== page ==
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#213358 - 04/15/14 11:38 AM LED tube wiring Disconnect required?
rmiell Offline
Member
Registered: 11/09/00
Posts: 261
Loc: La Junta, Co. USA
According to NEC 2014, Section 410.130(G)(1), fluorescent luminaires with ballasts are required to have a disconnecting means either internal or external to each luminaire.

How about when the ballast is unwired (or removed) in order to install self-driven LED tubes, in which the 120v (or 277v) branch circuit is wired directly to the socket on one end of the fixture?

Should this be a code requirement, or not?

I think this requirement was put in to address the changing out of ballasts, so you did not need to turn off the switch/breaker feeding the whole row of recessed trouffers. I think that there may be a need to disconnect the incoming power if a socket goes bad, but not necessarily when a tube goes bad, so the same thinking should apply.

Thoughts?

Rick Miell
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#213361 - 04/15/14 05:41 PM Re: LED tube wiring Disconnect required? [Re: rmiell]
HotLine1 Online   content


Member
Registered: 04/03/02
Posts: 6833
Loc: Brick, NJ USA
In the 'old days'the ballast disconnect was either the cutter on a T-stripper, or opening a 'hot' splice.

The requirement for the quick disco on replacement ballasts, and new fixtures IMHO is a 'good idea'.

With the quickly changing LED items, the NEChas to play catch-up.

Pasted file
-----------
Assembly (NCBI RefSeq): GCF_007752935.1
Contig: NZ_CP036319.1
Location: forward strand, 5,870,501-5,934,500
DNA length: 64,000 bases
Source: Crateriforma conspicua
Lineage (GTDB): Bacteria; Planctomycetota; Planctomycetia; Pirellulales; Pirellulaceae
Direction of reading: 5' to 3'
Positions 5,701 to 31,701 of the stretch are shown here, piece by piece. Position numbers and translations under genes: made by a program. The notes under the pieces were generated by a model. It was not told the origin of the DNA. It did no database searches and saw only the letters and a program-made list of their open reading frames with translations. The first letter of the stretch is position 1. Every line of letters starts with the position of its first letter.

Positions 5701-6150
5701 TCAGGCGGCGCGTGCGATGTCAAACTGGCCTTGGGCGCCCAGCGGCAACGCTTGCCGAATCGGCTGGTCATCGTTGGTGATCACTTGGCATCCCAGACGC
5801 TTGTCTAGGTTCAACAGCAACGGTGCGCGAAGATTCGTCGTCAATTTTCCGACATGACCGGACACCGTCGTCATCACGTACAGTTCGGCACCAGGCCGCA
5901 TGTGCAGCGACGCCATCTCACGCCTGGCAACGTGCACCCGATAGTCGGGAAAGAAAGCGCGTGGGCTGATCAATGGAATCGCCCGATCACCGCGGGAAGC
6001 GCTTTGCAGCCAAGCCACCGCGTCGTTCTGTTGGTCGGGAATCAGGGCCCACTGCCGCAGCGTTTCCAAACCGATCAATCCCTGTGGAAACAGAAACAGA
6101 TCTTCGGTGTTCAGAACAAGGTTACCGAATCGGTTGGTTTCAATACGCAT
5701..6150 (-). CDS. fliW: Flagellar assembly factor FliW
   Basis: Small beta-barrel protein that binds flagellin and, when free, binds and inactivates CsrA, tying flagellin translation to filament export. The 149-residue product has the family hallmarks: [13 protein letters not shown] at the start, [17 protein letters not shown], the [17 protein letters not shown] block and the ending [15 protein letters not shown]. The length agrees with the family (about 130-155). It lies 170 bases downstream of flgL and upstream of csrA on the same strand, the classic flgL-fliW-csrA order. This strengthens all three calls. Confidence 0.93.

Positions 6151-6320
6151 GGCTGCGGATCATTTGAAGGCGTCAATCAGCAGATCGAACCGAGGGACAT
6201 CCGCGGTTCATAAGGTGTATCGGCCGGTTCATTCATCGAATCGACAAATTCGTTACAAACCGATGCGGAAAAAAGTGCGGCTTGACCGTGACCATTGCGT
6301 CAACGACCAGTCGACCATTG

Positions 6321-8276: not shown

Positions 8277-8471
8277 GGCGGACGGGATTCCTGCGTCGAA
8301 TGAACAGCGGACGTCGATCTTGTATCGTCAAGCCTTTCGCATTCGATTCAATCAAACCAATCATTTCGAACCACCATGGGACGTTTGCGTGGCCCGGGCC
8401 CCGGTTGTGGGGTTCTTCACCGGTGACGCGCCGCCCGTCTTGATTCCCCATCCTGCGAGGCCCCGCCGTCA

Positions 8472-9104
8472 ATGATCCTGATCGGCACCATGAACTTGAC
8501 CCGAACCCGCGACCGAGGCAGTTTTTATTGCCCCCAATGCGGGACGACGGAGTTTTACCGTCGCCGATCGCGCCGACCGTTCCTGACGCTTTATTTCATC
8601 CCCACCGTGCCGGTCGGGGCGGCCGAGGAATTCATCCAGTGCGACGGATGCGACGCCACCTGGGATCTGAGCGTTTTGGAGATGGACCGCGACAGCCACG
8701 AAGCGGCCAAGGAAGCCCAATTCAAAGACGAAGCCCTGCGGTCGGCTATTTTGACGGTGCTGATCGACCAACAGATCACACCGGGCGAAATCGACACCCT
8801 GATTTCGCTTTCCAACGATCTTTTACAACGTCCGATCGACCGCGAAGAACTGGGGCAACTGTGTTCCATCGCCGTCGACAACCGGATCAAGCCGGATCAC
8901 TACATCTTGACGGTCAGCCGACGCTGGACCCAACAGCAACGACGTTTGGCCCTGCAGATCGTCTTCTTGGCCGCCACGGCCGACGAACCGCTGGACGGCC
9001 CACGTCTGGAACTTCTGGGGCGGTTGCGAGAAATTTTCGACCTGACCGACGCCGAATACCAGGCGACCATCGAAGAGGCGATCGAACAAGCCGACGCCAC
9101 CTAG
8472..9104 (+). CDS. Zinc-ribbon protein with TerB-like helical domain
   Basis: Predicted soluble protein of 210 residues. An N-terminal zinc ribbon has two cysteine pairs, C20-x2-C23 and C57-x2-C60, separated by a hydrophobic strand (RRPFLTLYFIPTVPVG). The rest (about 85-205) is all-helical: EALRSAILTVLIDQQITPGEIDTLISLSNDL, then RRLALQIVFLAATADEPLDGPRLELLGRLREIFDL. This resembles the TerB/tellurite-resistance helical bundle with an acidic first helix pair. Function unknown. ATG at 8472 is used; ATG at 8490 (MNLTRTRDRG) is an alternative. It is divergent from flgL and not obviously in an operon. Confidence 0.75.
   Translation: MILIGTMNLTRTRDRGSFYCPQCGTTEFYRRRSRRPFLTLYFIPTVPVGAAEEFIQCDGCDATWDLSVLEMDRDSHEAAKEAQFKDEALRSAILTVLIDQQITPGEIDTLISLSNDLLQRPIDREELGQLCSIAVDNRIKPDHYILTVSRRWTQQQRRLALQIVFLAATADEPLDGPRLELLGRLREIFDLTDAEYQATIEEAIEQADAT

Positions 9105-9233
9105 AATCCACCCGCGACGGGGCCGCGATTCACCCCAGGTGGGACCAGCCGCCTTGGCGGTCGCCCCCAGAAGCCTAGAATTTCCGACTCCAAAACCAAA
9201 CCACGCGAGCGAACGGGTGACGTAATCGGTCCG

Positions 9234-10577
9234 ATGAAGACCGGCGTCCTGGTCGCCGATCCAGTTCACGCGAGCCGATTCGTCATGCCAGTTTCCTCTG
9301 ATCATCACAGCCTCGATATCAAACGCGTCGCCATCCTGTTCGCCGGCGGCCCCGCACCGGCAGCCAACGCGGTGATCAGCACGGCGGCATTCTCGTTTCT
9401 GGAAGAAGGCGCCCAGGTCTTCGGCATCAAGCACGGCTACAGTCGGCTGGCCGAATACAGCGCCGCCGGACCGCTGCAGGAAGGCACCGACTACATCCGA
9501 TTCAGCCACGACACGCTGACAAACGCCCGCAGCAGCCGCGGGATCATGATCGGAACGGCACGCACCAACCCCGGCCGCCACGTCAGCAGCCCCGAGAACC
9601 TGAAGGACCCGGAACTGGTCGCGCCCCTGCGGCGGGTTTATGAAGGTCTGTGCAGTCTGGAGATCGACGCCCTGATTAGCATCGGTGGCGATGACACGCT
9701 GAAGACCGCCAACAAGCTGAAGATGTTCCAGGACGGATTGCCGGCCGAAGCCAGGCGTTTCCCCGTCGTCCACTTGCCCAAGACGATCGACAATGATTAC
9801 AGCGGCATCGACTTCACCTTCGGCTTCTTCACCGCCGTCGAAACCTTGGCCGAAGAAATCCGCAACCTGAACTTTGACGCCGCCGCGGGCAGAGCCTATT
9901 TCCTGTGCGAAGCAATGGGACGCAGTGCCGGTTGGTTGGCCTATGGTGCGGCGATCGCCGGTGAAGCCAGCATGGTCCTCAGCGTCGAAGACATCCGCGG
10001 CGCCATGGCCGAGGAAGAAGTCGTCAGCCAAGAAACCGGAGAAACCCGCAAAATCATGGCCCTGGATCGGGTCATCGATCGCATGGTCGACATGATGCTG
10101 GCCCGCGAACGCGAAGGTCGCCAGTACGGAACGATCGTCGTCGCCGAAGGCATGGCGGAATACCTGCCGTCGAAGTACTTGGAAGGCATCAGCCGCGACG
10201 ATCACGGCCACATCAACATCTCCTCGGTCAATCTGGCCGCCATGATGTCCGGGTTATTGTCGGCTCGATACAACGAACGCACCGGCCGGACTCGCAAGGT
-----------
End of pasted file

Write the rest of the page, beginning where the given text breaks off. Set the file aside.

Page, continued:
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John
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#213365 - 04/15/14 07:41 PM Re: LED tube wiring Disconnect required? [Re: rmiell]
Tesla Offline
Member
Registered: 06/16/04
Posts: 1280
Loc: Sacramento, CA
The irony is that the NEC is pressing the installation of disconnecting means at a time when it will be decades between service calls.

Too late!

IMHO, the Code should discourage 480VAC line to line voltages for illumination. 277VAC line to neutral ought to be the upper limit. This would reduce the size of any arcs.

Now that LED is sweeping the market, there is reduced need for watts.

Additionally, ganging contactor neutrals under one wire nut ought to be discouraged. Such lighting control cabinets should have isolated neutral bars, instead. Why?

It then becomes possible to un-circuit a contactor during production hours without hazarding ungrounded electronic ballasts. A broken return is brutal on electronics. It's a nasty shock risk for the service electrician. A cheesy isolated neutral rail is a trivial expense to stop the problem.

(I've seen control cabinets with no less than 12 neutrals in #12 stuffed into big blue wire nut pairs. With a jumper linking them. The amps were no biggie. The complications while the system was up and running ( a 24hr shop ) made it a nightmare.



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Tesla
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#213366 - 04/15/14 07:46 PM Re: LED tube wiring Disconnect required? [Re: rmiell]
gfretwell Offline


Member
Registered: 07/20/04
Posts: 9066
Loc: Estero,Fl,usa
I would not be surprised if they did not extend this to any active component of a commercial luminaire. The LEDs may last longer than ballasts but they are likely to still be replaced hot.

This is where I would rather see NEMA step up and come up with a standard connector for ballasts or any other follow on technology.

I am not sure why it couldn't just be the good old 5-15, 6-15 and 7-15. Then you are voltage identifying and standard.
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Greg Fretwell
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